I guess I'm saying what's the appropriate default? Very high bar for innovative long-term ideas seems reasonable because this is an emerging field with high uncertainty. But lower bar for ways in which the world is on fire now, and where important institutions could get worse / lead to worse outcomes if defunding / underfunding continues?

Comment by howdoyousay? on Ngo's view on alignment difficulty · 2021-12-15T15:59:56.745Z · EA · GW

I petition all further posts written by Richard Ngo on this forum to be titled "Ngo ngows best".


Or revoke his membership.

Comment by howdoyousay? on A new, cause-general career planning process · 2020-12-03T14:02:47.400Z · EA · GW

Really excited based on what I've read above. Some very hot takes before I go and read the detail...

It would be great to see some case studies in due course of people who applied this kind of thinking, what choices they made and what they learned; particularly to highlight other high impact careers which don't align with priority paths. And it's easier to make sense of how to use a technique - and how much relative effort to consider for each step - when you have other cases to refer to.

Finally, I hope this career planning process will help the community reframe what it means to have an ‘effective altruist career'. Effective altruism is focused on outcomes, and for good reasons; but focusing a lot on outcomes can have some bad side effects.

This is very welcomed. Drilling into another bad side effects of focusing on outcomes, I would be curious to see if this approach can help readers to make career decisions which are more compatible with a happy career / life.  I suspect us EAs can be prone to a relentless focus on impact in the abstract, absolute sense to the detriment of thinking about what makes me personally impactful, and the latter is more likely to be where an individual will get results from placing their energy.  And burnout is well worth avoiding because it's a bloody pox and not fun!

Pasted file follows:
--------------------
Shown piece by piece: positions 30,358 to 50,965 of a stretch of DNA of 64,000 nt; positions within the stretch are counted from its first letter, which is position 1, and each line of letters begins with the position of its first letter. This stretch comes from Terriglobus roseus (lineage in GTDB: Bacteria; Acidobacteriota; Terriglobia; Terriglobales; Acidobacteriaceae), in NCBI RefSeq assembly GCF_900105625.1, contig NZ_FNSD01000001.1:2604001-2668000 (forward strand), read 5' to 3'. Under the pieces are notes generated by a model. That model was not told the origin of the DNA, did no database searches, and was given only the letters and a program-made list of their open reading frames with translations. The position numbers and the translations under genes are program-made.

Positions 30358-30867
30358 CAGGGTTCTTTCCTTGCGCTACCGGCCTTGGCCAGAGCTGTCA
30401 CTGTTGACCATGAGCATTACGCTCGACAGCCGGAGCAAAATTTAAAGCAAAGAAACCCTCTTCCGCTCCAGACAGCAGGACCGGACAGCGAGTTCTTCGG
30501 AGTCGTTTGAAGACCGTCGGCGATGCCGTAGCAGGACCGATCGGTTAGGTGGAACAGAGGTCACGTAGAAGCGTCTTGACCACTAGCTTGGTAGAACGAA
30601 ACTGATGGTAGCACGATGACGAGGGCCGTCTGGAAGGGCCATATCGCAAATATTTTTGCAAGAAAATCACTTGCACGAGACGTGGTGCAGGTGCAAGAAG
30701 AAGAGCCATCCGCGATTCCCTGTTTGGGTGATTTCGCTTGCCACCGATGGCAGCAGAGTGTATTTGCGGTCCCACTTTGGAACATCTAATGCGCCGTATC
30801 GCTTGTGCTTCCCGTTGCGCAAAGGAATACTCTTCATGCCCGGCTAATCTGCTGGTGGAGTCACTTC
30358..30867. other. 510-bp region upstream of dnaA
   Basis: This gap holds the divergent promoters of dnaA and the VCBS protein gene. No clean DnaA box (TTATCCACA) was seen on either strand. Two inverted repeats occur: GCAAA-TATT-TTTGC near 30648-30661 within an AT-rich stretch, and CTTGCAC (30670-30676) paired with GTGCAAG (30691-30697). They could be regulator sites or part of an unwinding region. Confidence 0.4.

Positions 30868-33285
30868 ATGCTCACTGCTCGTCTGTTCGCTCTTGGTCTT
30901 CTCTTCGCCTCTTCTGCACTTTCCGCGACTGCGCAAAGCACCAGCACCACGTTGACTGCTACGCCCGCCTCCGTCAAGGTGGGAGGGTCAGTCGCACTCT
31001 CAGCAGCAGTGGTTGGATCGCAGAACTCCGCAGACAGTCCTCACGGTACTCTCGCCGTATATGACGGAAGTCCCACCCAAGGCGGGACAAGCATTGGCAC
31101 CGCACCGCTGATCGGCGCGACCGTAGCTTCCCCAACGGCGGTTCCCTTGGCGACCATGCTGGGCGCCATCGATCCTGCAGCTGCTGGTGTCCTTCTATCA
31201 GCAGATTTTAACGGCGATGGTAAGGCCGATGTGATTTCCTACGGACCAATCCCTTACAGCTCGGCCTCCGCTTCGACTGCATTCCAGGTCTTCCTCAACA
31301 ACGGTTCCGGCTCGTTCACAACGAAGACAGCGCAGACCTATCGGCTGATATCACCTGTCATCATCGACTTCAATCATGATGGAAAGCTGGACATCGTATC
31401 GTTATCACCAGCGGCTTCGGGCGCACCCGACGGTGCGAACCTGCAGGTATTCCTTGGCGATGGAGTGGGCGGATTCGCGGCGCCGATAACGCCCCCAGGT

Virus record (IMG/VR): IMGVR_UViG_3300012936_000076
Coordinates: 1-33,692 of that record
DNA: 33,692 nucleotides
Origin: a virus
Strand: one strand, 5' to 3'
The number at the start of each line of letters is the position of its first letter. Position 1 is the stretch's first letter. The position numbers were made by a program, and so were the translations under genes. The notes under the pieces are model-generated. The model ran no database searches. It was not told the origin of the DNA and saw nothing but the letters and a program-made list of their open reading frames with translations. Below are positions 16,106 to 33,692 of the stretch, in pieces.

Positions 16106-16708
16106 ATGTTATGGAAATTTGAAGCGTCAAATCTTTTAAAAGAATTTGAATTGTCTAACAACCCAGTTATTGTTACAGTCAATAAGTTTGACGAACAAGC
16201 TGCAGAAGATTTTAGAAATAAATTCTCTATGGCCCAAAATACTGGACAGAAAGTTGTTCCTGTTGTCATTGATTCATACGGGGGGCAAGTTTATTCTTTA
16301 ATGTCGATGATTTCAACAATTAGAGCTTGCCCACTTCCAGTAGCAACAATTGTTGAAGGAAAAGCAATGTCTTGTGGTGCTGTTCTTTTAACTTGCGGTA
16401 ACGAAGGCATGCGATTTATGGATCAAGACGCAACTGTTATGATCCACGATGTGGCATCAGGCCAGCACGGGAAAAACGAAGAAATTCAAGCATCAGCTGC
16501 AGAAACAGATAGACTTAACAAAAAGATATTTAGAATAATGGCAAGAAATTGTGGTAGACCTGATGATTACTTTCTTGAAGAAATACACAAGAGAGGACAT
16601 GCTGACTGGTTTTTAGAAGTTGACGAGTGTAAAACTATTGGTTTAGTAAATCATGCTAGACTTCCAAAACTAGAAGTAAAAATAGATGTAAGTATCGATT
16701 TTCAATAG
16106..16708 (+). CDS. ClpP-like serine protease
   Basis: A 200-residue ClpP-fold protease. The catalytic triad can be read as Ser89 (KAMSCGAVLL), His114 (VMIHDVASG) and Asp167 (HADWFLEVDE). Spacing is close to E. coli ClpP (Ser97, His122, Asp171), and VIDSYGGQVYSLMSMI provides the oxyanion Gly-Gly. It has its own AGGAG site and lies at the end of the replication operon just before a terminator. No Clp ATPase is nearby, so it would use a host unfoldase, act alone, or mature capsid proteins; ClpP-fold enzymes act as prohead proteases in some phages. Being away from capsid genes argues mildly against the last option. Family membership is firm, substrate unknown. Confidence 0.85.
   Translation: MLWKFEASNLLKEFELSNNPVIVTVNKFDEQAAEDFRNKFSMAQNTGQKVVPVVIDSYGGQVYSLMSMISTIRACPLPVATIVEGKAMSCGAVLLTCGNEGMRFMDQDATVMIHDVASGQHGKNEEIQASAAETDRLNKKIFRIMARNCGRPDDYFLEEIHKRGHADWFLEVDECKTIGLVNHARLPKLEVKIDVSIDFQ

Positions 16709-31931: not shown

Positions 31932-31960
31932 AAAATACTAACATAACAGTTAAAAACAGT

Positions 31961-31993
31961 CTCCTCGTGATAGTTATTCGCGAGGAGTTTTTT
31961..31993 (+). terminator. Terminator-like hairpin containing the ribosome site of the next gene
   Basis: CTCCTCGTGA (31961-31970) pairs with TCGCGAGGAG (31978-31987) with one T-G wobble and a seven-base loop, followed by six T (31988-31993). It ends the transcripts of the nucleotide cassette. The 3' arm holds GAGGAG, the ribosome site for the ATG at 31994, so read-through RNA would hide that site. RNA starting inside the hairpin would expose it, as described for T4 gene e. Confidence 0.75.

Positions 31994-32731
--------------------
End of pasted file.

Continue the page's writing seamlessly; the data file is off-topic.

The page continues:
Comment by howdoyousay? on Buck's Shortform · 2020-09-14T18:14:12.742Z · EA · GW
I feel like an easy way to get lots of upvotes is to make lots of vague critical comments about how EA isn’t intellectually rigorous enough, or inclusive enough, or whatever. This makes me feel less enthusiastic about engaging with the EA Forum, because it makes me feel like everything I’m saying is being read by a jeering crowd who just want excuses to call me a moron.

Could you unpack this a bit? Is it the originating poster who makes you feel that there's a jeering crowd, or the people up-voting the OP which makes you feel the jeers?

As counterbalance...

Writing, and sharing your writing, is how you often come to know your own thoughts. I often recognise the kernel of truth someone is getting at before they've articulated it well, both in written posts and verbally. I'd rather encourage someone for getting at something even if it was lacking, and then guide them to do better. I'd especially prefer to do this given I personally know that it's difficult to make time to perfect a post whilst doing a job and other commitments.

This is even more the case when it's on a topic that hasn't been explored much, such as biases in thinking common to EAs or diversity issues. I accept that in liberal circles being critical on basis of diversity and inclusion or cognitive biases is a good signalling-win, and you might think it would follow suit in EA. But I'm reminded of what Will MacAskill said about 8 months ago on an 80k podcast that he was awake thinking his reputation would be in tatters after posting in the EA forum, that his post would be torn to shreds (didn't happen). For quite some time I was surprised at the diversity elephant in the room on EA, and welcomed when these critiques came forward. But I was in the room and not pointing out the elephant for a long time because I - like Will - had fears about being torn to shreds for putting myself out there, and I don't think this is unusual.